“The spies we sent to the north have not come back yet,” the Prince told her. “But there are many reasons for that.”

“Lord Sayer,” Prince Willheardt said. “He has as estate in the north.He is also married to my ex-aunt.She was the wife of my Uncle Aleheardt.I discovered that when she bore him no children the priests of the temple allowed a divorce.When Lord Sayer’s first wife died he married her.Now they have several children.”Prince Willheardt thought about that for a few moments.

“Thank-you for coming and telling me that,” he said to Cella. “If you have any other such insights please come and tell me about them right away.”He showed her to the door himself.Then he told one of the guardsmen, “Send me a scribe, and have a messenger standing by.”When the scribe got there he dictated a message to Lord Sayer.“I send greeting to my aunt and to her husband.I hope your time in the north is happy and productive for you.Please keep your eyes open for any interesting developments and tell me about them immediately.Willheardt.”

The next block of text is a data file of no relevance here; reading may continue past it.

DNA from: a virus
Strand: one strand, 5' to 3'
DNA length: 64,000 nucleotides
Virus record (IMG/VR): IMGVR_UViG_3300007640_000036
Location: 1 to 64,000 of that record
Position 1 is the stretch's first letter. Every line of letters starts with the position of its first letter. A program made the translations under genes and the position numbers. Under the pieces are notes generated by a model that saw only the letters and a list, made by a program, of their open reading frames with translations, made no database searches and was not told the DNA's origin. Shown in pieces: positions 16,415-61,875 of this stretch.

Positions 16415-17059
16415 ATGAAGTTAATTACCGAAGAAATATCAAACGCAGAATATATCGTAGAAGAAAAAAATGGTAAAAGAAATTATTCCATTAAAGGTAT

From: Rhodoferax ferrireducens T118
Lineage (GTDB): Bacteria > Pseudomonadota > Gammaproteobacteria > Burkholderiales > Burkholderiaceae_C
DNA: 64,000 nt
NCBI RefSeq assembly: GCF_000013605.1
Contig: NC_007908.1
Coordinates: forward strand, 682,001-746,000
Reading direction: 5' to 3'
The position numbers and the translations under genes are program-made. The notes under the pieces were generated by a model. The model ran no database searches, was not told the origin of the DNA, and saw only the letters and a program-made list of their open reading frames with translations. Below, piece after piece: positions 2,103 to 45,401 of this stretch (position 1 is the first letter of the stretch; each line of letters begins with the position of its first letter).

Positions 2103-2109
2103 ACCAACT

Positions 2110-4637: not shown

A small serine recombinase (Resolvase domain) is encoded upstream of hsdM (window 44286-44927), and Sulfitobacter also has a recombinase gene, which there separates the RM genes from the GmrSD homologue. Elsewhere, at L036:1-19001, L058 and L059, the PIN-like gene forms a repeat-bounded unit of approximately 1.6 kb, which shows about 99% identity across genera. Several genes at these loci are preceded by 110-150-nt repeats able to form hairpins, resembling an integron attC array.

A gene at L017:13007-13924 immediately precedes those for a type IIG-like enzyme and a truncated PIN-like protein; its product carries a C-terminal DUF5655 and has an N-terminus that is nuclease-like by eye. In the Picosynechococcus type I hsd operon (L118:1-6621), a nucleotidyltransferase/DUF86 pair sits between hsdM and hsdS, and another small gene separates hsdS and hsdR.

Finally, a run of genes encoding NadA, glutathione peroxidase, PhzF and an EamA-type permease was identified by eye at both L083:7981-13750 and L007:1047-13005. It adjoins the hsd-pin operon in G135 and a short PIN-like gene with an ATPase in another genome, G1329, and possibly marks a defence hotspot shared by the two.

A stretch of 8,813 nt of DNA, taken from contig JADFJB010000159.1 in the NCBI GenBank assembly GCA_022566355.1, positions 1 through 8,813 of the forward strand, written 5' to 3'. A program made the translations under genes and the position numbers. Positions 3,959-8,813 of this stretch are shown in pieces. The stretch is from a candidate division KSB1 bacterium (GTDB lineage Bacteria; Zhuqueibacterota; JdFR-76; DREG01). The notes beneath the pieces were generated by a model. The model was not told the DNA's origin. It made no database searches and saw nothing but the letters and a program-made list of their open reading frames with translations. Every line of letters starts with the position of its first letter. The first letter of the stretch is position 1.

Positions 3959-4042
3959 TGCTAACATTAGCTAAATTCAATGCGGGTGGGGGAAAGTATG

The note was sealed and given to the messenger. Prince Willheardt put it into the man’s hand himself.“You leave at dawn,” he said.“You are going to Lord Sayer’s northern estate.“I am told that he enjoys visiting there at this time of year.On your way, keep your eyes open for anything out of the ordinary.”

The day that the messenger left, later in the morning, Cella went to see her old mentor Petra. They made some small talk for a while.Finally the conversation got around to the government and what might happen next.Timthé stopped by.

“It is so unfair,” Cella told Timthé. “Who else has to kill his brother?Most men would be allowed to live in peace, twin or not.”

“But we have to know for sure who the Great Deity means to be king,” Timthé reminded her. “If we don’t know that we are weak and may be invaded.That would lead to much more destruction and many more deaths.”

“I still think it is unfair,” Cella said.

“I think you’re in love,” Timthé teased her.